I had a strange dream last night. Well, my dreams are always strange. Stranger than usual, I should have said. In it, I was writing a letter to Eileen Gunn, as apparently I did on a regular basis. I have no idea how the letters got to her. It began:
It's been over a year since I accidentally fell into this parallel world and found myself unable to return home. The people here are all left-eyed, though none of them seem to be aware of this fact. They are also largely right-handed, a fact to which they inexplicably attach some importance. But what is most significant is their superiority in the field of electronics . . .
And boy are they superior! They have computers you can hold in the palm of your hand. They have wireless telephones that fit in a shirt pocket. In my home reality, the best we can do are those little hand-held games which the alt-reality people had way back in the 1980s.
Most of the rest of the dream was tech stuff, finding a way to interface the superior alt-reality electronics to our inferior reality stuff, so the information could be passed along to uplift our electronica.
Ah, but then at the end of the dream, when the new tech made made it possible for me to be restored to home reality, I went looking for Eileen and found her in a small blue room with strings stretched from wall to wall and pendant on those strings slabs of asiago, emmenthal, longhorn . . . Eileen stood surrounded by all this cheese-based information technology in an a data-trance, helplessly murmuring fractions of the data that was thundering through her traumatized brain.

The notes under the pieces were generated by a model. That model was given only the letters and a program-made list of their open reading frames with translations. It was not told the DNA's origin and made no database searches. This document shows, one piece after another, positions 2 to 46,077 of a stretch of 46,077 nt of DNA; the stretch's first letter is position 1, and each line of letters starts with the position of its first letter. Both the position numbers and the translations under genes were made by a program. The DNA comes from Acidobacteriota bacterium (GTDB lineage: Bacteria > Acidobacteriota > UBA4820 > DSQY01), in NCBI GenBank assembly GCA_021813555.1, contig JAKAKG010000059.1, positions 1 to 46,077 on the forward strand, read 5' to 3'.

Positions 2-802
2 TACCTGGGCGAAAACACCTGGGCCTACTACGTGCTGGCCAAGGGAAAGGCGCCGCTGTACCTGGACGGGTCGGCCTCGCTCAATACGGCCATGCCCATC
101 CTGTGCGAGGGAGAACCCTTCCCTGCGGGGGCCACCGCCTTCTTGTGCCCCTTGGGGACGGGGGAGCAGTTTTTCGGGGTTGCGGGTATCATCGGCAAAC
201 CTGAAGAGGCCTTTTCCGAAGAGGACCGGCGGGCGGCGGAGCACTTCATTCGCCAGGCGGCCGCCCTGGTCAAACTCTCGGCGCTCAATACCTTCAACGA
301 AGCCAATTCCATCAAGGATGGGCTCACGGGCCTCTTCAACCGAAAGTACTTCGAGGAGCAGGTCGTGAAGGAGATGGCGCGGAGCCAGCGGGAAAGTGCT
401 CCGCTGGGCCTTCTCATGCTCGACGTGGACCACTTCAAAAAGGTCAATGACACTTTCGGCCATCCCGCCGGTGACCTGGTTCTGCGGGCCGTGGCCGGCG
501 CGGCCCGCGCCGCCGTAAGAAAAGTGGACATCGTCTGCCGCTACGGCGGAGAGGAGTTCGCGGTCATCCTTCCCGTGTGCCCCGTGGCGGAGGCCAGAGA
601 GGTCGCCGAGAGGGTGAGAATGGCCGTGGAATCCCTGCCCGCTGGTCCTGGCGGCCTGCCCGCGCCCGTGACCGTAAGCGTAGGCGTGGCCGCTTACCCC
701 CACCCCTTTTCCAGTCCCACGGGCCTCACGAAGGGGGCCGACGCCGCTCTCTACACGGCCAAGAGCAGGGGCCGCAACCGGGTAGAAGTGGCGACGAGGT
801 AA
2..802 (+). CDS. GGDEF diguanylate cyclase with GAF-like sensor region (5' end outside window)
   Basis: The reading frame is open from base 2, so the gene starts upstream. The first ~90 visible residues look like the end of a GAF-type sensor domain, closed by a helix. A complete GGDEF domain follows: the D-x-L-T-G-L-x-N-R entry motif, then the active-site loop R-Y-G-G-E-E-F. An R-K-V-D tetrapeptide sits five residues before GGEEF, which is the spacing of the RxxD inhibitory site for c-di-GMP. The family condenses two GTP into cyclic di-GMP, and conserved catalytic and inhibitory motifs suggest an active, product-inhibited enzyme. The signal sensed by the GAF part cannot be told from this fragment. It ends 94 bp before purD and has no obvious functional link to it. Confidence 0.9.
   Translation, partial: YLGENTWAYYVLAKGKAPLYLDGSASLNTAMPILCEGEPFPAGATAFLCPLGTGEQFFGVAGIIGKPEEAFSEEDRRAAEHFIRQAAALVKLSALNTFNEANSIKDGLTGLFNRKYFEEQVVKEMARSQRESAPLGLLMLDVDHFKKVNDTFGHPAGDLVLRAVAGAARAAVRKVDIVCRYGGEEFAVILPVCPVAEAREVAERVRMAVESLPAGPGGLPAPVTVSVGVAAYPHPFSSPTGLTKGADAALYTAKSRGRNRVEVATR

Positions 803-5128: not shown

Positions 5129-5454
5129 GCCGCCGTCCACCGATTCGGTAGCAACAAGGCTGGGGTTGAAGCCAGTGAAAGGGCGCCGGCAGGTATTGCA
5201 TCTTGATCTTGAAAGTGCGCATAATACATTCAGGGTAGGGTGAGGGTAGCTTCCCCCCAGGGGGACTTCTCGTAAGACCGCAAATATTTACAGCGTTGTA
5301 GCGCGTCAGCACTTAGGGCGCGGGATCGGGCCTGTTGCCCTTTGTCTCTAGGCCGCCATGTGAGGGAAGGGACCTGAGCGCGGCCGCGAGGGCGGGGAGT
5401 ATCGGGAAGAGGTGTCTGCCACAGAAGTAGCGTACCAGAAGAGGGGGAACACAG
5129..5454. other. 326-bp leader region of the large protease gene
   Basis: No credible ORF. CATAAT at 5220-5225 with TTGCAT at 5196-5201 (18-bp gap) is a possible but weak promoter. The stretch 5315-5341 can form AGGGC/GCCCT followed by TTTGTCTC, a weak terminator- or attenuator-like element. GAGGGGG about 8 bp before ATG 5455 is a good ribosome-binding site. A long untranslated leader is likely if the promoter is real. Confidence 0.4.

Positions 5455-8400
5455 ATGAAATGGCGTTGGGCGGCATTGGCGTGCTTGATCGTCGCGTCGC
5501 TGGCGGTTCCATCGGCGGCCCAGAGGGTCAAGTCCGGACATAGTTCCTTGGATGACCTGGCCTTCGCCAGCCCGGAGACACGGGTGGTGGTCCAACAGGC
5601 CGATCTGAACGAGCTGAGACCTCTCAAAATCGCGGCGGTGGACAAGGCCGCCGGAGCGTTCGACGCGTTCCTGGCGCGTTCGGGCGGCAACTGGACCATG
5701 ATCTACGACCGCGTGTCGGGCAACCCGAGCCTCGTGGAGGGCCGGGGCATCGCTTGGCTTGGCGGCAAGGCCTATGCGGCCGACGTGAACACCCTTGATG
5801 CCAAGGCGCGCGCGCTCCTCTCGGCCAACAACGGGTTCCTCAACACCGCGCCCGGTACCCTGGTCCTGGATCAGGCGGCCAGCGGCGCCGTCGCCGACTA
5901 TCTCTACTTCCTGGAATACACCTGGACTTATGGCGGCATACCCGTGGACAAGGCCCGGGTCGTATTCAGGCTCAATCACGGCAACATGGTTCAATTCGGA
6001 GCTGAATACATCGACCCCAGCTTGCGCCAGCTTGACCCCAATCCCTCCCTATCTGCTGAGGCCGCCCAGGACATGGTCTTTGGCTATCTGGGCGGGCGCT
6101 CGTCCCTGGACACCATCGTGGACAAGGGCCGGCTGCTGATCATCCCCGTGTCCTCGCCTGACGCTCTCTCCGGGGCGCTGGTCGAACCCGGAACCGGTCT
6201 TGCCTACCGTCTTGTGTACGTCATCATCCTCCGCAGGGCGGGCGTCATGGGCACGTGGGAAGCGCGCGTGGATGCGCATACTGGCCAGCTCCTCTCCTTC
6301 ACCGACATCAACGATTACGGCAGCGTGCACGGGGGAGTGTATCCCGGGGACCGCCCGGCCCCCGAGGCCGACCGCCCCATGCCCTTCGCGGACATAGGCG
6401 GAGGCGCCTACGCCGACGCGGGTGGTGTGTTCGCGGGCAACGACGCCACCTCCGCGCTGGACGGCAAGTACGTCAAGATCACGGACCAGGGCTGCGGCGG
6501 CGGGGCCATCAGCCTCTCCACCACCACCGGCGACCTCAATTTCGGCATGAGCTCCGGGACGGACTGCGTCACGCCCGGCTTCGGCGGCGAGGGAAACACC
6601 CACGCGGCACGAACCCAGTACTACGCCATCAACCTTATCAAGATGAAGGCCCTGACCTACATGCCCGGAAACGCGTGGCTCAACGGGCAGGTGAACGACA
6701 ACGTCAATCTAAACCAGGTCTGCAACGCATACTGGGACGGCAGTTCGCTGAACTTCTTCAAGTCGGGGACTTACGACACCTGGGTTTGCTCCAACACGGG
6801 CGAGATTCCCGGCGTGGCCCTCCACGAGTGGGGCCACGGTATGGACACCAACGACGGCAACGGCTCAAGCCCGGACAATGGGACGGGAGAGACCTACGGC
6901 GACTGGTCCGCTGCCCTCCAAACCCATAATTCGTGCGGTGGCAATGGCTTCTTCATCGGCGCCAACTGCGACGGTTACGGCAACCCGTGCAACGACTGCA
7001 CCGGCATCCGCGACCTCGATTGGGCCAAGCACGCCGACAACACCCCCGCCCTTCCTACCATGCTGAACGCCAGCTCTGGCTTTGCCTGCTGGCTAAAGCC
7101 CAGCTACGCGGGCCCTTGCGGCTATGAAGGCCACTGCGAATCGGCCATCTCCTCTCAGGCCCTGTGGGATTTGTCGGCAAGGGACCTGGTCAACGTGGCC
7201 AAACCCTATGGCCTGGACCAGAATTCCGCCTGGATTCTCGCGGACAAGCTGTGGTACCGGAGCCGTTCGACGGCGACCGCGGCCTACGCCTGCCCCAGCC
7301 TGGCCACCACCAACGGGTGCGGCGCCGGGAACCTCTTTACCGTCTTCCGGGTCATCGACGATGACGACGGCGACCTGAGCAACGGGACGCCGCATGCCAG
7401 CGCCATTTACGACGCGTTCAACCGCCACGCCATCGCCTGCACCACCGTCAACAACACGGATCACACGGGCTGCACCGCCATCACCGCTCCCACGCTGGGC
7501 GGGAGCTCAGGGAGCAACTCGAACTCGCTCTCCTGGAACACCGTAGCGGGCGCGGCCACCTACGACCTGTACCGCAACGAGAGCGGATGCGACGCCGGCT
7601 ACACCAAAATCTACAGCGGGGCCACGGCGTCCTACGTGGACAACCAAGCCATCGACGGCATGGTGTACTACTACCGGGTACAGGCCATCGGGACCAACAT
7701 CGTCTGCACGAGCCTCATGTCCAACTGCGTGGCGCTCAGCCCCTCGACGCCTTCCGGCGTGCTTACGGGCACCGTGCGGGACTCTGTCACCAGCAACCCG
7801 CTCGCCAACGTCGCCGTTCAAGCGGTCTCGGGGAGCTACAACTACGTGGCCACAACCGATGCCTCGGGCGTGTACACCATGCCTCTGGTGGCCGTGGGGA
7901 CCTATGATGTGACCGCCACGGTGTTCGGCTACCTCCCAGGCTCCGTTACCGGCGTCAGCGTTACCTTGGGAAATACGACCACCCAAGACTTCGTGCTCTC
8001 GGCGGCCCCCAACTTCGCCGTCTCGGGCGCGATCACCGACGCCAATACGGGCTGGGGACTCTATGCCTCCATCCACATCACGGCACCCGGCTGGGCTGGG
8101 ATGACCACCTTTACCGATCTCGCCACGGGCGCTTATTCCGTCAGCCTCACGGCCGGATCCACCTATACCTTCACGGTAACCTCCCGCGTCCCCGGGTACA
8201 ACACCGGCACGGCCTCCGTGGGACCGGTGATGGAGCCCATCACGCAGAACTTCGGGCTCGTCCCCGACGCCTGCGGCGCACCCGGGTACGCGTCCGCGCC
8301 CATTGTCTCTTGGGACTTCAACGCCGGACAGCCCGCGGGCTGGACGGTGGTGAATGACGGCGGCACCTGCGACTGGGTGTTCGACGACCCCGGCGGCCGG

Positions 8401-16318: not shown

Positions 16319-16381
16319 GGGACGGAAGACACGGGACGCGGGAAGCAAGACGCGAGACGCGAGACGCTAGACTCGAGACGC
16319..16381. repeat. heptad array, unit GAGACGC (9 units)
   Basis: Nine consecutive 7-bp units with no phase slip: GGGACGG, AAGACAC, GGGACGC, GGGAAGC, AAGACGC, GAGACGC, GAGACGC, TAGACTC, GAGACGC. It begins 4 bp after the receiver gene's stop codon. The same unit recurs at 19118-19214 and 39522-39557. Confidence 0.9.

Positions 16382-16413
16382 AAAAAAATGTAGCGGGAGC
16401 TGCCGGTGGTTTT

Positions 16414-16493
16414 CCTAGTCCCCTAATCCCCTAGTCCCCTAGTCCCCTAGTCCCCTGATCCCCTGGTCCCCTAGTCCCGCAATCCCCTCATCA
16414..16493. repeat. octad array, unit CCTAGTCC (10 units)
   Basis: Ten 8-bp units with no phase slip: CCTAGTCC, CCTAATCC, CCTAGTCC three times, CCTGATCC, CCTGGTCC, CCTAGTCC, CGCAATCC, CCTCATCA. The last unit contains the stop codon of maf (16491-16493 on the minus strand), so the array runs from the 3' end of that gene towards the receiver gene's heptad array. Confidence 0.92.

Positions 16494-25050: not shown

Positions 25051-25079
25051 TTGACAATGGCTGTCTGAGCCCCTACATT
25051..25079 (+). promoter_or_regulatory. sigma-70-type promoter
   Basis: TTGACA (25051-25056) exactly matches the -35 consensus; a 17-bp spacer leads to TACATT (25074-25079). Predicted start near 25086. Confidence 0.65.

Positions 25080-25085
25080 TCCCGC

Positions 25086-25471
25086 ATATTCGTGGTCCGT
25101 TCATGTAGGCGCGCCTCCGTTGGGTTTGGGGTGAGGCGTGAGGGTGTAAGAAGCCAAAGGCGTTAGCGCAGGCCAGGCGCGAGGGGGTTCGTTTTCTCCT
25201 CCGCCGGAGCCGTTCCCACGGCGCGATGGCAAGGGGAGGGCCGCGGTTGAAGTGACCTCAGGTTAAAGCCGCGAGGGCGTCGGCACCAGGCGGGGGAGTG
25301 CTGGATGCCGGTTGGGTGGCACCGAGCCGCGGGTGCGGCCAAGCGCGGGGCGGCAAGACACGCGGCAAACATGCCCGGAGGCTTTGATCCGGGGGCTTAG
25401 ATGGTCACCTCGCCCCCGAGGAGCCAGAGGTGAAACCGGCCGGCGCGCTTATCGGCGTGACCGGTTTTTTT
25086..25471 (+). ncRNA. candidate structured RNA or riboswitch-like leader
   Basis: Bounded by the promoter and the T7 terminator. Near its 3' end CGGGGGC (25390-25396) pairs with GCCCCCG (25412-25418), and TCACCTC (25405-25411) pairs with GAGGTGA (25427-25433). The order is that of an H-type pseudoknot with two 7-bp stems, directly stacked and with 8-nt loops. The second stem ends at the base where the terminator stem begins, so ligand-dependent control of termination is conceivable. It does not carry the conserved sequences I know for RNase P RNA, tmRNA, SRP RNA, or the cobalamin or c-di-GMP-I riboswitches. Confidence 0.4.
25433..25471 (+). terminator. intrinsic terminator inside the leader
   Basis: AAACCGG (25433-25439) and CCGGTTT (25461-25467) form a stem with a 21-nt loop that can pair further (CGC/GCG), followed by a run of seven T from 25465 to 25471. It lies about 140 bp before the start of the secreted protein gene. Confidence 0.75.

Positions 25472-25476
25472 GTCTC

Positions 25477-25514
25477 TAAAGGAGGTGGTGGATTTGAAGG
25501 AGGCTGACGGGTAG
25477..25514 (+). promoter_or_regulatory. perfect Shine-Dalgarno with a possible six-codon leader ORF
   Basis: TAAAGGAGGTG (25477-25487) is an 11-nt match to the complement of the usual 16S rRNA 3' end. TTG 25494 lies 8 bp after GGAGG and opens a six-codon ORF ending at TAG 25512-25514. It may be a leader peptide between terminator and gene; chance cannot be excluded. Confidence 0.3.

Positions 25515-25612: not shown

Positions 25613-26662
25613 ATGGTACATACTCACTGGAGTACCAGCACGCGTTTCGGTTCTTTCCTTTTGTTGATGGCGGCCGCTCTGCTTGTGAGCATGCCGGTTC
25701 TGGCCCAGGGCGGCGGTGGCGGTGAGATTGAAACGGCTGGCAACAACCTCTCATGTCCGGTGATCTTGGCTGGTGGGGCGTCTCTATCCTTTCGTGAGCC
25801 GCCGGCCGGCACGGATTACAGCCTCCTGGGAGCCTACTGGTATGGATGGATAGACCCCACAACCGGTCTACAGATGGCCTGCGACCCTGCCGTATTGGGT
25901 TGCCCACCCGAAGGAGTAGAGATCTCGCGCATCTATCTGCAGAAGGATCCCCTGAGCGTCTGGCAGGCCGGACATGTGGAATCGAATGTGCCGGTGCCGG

Which was when I realized that our plan to update our reality's technology had gone too far, too fast.
And speaking of Homer . . .
Two Iliads in one month! Two different performances of an ancient epic set in the ninth year of a seemingly endless war with no prospect of a happy ending ever. I wonder what's going on.
An Iliad, playing at the McCarter Theatre in Princeton until November 19, is a tour de force, a one-man retelling of the ancient epic. Stephen Spinella plays Homer as a restless nomadic storryteller, doomed to keep on telling his story while the world churns through war after war, learning nothing at all from it.
A little depresssing, if you think about it. But well worth seeing. I recommend it.
And I'm off again . . .
I'm gallavanting off to Capclave! If you're going to be there either today or tomorrow, be sure to say hi.